Guest Blogger

Engaging Adults in Storytime

My library had a concert last week with Charlie Hope, winner of the Juno Award for Children’s Album of the Year. We had over 200 in attendance and it was a magical experience. Charlie’s beautiful voice and interactive songs delighted the audience of young children and parents. Afterward, she told me it was one of her all-time best audiences. She was impressed that our parents were so attentive and happy to join in the singing and dancing with their kids.

Photo courtesy of Charlie Hope
Photo courtesy of Charlie Hope

It got me to wondering: what helps children and parents focus and get the most enjoyment and learning benefit from a musical performance or storytime? I think establishing practices in your storytimes that encourage everyone to pay attention is the key.
Here are my top techniques for helping adults, as well as kids, stay engaged during programs:

  • Ask adults to silence their cell phones and tuck them away during storytime. I explain briefly that parents are role models for their children and that when parents are focused on the program it helps children focus, too. Paying attention takes practice, and that’s one of the important things we’re helping our children do in storytime–practice paying attention.
  • Ask adults to save conversation with nearby adults until after storytime. We put out books to browse after storytime and this is always an opportunity for parents to socialize–an essential part of our programs, too.
  • Use techniques that encourage parent participation. Early literacy consultant Saroj Ghoting recommends giving parents a specific part in a story. For instance, I read Pete the Cat and his Four Groovy Buttons in my two-year-old storytime recently and had the parents alone say the refrain “Did Pete cry? Goodness no. Buttons come and buttons go.” When adults have a role in the story, they know they need to listen and be ready to ham up their part!
Giving parents a role in The Nuts: Bedtime at the Nut House by Eric Litwin. Photo courtesy of the author.
Giving parents a role in The Nuts: Bedtime at the Nut House by Eric Litwin. Photo courtesy of the author.
  • Use rhythm and rhyme to engage everyone in the action. Singing books works like a charm. I find this is especially true with songs that lots of parents know and love like If You’re Happy and You Know It or The Wheels on the Bus. The versions by Jane Cabrera make terrific storytime books, for instance, because the bright and heavily-outlined illustrations carry so well in a group.
  • Count. To introduce a song or rhyme I often say, “I’m going to count: 1, 2, 3, go, and then we will sing (or say) it all together.” I then count clearly, showing my fingers. Even if parents are chatting during the “1”, everyone is usually on board by the time I get to “go”.
  • Calm and re-focus the group when you need to with simple breathing exercises, such as this one: ask everyone to pick an imaginary flower, then slowly breathe in its nice smell and blow out on its petals. Or ask everyone to take a big breath, hold it for a few moments, and then slowly let it out. These quick exercises help everyone relax and get ready to listen again.
  • Whisper. If you feel you’re losing the group, drop your voice briefly to a whisper. Everybody loves a secret!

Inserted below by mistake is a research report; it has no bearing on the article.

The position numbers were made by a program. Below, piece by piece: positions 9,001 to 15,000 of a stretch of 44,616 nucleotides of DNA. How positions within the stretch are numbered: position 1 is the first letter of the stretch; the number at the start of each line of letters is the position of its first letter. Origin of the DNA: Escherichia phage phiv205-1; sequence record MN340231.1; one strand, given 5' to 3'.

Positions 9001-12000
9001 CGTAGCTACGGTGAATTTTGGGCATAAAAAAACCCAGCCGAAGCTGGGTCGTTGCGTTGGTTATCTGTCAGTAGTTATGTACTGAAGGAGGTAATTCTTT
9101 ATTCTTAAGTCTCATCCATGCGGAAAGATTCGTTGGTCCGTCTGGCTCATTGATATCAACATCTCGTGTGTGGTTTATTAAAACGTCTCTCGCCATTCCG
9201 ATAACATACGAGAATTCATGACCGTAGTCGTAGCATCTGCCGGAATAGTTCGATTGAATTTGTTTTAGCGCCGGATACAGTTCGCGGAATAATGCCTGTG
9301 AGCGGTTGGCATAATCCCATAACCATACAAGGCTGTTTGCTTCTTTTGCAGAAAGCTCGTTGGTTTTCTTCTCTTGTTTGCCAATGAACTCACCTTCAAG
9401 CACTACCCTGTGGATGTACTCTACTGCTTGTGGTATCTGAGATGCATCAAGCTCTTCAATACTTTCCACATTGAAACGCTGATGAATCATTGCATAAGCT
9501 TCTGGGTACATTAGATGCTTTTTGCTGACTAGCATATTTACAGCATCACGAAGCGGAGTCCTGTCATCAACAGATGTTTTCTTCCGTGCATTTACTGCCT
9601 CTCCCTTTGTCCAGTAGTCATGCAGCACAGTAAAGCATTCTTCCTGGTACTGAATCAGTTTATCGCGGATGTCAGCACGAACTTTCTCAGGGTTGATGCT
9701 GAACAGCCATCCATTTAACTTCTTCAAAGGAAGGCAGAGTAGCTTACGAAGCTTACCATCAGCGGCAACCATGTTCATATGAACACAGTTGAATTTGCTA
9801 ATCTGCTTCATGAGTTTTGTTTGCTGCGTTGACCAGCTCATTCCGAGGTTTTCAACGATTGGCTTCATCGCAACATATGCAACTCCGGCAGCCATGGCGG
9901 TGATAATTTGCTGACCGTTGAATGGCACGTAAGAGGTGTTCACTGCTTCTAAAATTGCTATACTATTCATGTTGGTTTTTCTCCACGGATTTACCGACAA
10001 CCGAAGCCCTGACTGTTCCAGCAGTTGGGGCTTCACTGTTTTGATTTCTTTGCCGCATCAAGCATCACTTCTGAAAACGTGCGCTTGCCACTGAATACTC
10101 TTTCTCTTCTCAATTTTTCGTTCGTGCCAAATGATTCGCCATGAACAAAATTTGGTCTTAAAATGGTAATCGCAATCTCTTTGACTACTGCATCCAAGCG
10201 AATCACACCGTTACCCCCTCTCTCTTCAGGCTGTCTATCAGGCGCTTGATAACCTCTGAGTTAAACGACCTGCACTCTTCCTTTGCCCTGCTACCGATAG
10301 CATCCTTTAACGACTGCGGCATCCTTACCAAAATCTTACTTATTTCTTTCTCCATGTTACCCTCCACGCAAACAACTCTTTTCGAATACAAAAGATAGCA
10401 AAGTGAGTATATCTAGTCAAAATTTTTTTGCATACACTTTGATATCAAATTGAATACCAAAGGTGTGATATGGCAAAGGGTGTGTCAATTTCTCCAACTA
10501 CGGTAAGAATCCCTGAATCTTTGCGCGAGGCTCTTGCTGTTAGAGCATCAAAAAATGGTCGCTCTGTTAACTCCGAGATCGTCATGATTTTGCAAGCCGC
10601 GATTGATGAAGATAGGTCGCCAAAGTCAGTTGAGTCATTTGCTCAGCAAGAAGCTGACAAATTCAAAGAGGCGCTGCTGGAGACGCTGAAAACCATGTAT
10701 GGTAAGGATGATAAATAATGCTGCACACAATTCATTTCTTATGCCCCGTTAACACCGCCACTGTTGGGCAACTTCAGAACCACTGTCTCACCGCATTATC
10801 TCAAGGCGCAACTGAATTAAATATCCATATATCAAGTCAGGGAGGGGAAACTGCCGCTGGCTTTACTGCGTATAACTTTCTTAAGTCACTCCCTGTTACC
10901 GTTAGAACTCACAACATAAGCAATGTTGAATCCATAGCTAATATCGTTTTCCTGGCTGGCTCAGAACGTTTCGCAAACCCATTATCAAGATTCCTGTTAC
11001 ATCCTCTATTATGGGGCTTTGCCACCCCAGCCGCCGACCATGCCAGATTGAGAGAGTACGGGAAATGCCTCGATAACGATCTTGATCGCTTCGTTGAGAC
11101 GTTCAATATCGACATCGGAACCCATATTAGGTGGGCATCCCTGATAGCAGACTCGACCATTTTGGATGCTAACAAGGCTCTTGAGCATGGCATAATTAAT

• Puppets are engaging for all ages. I took ALSC’s Storytelling with Puppets course and learned a lot about presenting stories and songs using puppets. Instructor Steven Engelfried’s YouTube channel has lots of great stories to get you started or enhance what you’re already doing.
A puppet with personality! Photo courtesy of the author.
A puppet with personality! Photo courtesy of the author.

We know how much children benefit when their parents are engaged in storytime: when parents listen to the stories and songs they have something to talk to their children about when the event is over, and those conversations lead to an enriched vocabulary and a better understanding of the stories and their meaning for the child. And as Jim Gill points out, when adults join in the music play the child learns more from the experience. Perhaps most importantly, your event becomes an opportunity for parents and children to connect and create joyful memories at the library!

What do you do to help children and adults stay engaged during storytime?


Sharon McClintockOur guest blogger today is Sharon McClintock. Sharon is a Youth Services Librarian at the City of Mountain View Public Library  in Mountain View, CA. Sharon can be reached at

Please note that as a guest post, the views expressed here do not represent the official position of ALA or ALSC.

If you’d like to write a guest post for the ALSC Blog, please contact Mary Voors, ALSC Blog manager, at


  1. Angela Reynolds

    Excellent tips! Thank you — I am sharing with all my storytime staff.

  2. Vicki Kouchnerkavich

    Excellent advice! I see parents/caregivers use storytime as a time to get on their phones in a quiet way to do whatever, but totally unaware of what is going on in the program.

    I can’t wait to gently use your suggestions! Everyone will benefit.

  3. Melvyn

    Hey, I know that puppet! Great tips for librarians to engage, not only the kids, but the parents as well. Thank you for sharing Sharon.

  4. Sharon McClintock

    Thanks for your kind comments. I learned many of these techniques from colleagues over the years, and lots of trial and error!

  5. Judy

    Thank you for the tips and tricks. I’ve seen you use them very effectively to rope in those parents!

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